Tuesday, October 6, 2009

Dean's Big Idea (once again)

By the Sandwichman,

Maybe when Dean Baker first floated this idea (back in January) it was too soon and people weren't worried enough yet about unemployment. Dean was ahead of the curve. Now that everyone is wringing their hands about the jobs crisis, one of the hand wringers will take notice enough to at least say why not. Sandwichman is not holding his breath, though:
There are many ways that the federal government can boost demand, with more aid to state and local government probably topping the list in terms of priorities. However, to get large numbers of workers back to work quickly, the best route is a tax credit to shorten normal working time.

The basic logic is very simple; the tax credit effectively pays employers to hire more workers, with each worker putting in fewer hours. If we used the tax credit to pay employers of 100 million workers to work 5 percent fewer hours, while keeping their take-home pay unchanged, then in principle they should want to hire 5 percent more workers, or five million workers. This can be done quickly and will involve more employment in the private sector, not make work public sector jobs. That should make the conservatives happy.

There undoubtedly will be some gaming of such a tax credit, but there is some waste/fraud in everything we do. The prospect of having 15 million people unemployed for much of the next two years is unacceptable. Having used trillions of dollars in loans to bail out the richest people in the country, it is time that the government take some bold steps to help everyone else.


TheTrucker said...

So what will happen is that the employers will put the money in their pocket and say thank you. They will cut the hours of the current employees and hire a bunch of bums for $1 an hour while taking the tax credit to the bottom line. No production needed. "There will be some gaming"? There will be nothing but gaming. A valiant attempt. But no cigar.

The best thing to do is to give away money in unemployment checks and free medical care. Make it to where people don't want no stinkin jobs. That will make wages rise and solve the demand problem. Lets see the employers "game" that one. It also devalues the dollar and stops the offshoring and the Chinese imports. All done, thank you.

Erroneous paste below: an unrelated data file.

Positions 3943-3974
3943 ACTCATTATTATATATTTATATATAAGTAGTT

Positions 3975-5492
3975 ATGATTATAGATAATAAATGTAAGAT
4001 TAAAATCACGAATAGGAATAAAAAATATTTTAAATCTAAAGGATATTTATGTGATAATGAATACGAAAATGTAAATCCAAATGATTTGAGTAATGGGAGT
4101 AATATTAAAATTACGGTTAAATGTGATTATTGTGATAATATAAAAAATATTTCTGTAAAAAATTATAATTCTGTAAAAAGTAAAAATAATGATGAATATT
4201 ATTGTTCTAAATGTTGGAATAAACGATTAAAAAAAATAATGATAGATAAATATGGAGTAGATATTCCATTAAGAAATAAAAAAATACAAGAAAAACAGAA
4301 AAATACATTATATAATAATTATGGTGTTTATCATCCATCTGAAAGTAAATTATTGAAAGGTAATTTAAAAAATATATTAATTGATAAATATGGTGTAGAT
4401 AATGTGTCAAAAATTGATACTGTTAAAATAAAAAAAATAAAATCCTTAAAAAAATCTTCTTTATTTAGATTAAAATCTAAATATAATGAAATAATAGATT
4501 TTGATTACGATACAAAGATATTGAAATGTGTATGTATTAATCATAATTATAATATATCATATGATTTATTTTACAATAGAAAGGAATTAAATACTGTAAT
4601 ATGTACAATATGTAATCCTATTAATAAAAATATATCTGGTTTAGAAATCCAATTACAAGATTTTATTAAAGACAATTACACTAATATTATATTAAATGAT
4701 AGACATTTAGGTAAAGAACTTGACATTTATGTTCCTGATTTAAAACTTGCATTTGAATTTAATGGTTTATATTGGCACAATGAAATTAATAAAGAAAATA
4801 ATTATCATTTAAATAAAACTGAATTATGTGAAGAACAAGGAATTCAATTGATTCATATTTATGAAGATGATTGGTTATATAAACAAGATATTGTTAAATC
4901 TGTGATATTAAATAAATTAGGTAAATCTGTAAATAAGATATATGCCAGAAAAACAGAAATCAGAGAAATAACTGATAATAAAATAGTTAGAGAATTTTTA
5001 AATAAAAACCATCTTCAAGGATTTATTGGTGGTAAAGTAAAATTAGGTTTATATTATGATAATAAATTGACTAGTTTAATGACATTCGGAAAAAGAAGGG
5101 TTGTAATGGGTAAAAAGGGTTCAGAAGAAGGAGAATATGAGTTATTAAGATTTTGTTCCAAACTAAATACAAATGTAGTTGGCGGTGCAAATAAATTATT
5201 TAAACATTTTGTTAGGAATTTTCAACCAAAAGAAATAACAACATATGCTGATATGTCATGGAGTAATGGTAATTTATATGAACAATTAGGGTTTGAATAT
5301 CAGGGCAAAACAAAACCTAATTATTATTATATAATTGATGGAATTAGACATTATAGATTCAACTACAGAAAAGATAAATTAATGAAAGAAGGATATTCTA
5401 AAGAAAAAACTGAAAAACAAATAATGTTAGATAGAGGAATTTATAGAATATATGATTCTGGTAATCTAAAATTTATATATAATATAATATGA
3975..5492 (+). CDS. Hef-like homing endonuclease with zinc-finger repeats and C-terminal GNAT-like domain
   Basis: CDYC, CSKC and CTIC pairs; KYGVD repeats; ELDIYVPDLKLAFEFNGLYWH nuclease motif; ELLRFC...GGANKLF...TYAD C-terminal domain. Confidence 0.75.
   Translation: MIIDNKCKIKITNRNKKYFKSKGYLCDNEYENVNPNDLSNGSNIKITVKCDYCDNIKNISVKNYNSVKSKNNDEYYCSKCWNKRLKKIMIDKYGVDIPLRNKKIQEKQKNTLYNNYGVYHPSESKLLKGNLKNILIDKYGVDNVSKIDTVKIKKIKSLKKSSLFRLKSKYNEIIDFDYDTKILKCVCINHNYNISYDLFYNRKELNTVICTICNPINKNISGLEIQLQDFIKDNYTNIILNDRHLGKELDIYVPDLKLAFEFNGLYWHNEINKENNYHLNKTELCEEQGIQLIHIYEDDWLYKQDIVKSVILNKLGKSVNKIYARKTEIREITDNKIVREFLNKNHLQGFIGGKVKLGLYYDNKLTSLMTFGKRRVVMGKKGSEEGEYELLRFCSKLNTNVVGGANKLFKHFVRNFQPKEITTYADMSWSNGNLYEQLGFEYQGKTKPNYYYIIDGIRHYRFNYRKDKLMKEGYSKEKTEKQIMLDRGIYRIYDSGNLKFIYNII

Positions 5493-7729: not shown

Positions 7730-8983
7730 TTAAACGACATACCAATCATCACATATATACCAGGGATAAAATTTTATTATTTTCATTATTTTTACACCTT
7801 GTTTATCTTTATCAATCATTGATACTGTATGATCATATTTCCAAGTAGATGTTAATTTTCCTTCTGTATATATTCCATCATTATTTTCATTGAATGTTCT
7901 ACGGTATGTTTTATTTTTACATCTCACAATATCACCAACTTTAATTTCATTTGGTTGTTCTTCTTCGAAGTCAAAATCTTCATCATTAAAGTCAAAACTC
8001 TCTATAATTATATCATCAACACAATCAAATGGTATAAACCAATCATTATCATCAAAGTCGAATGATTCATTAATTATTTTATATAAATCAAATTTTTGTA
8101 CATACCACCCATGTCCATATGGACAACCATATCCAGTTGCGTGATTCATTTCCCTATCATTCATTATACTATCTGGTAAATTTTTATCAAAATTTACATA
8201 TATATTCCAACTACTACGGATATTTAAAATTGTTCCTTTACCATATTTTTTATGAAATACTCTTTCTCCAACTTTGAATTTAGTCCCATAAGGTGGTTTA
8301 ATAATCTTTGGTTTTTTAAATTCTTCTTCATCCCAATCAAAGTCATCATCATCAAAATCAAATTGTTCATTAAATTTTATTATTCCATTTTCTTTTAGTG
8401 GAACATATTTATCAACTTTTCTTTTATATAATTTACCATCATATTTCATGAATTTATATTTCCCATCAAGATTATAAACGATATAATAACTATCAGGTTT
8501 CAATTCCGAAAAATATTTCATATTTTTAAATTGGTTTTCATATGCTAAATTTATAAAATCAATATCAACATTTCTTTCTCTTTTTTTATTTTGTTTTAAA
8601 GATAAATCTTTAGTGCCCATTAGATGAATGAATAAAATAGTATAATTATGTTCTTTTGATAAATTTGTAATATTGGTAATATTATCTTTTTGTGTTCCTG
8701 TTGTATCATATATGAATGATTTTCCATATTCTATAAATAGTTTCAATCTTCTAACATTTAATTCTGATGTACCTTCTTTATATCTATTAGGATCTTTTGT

BMW said...
This comment has been removed by a blog administrator.
Anonymous said...

Health care reform that decouples health care from employment (so that employers don't have this administrative overhead associated with hiring workers) would do more to make employers receptive to reduced work time than this tax credit.

S Brennan said...

October 06, 2009

The Easy Way to Game the New Hire Tax Credit: Hire Your Contractors

The NYT reported on discussions in the Obama administration to implement a tax credit of $3,000 for companies that hire additional workers. The hope of course is that this will be a spur to job growth.

Most studies show that labor demand is highly inelastic (this is why increases in the minimum wage have little effect on employment), so a tax credit that modestly decreases the cost of labor is unlikely to have much effect on employment. On the other hand, there would be many opportunities for employers to game this tax credit.

The most obvious is simply bringing some jobs on payroll that are currently contracted out. For example, if a company currently contracts out its custodial services it can instead hire people on its payroll to do this work and get the $3,000 tax credit. This would lead to no net gain in jobs. It would have been helpful if this piece had included some analysis of this tax proposal.

The article also discusses the possible extension of the $8,000 first-time homebuyers tax credit. It would have been worth noting that this tax credit is likely to temporarily inflate house prices ($8,000 is approximately 4.7 percent of the median house price). That means that people who buy homes when the credit is in effect can expect to sell them at a lower price (inflation adjusted) assuming that the credit does not remain in place indefinitely.

There was an enormous amount of misinformation about home prices distributed by the housing industry and the media during the bubble years. It would be helpful if the media tried to do a better job informing the public about predictable movements in house prices now.

--Dean Baker
Posted at 05:53 AM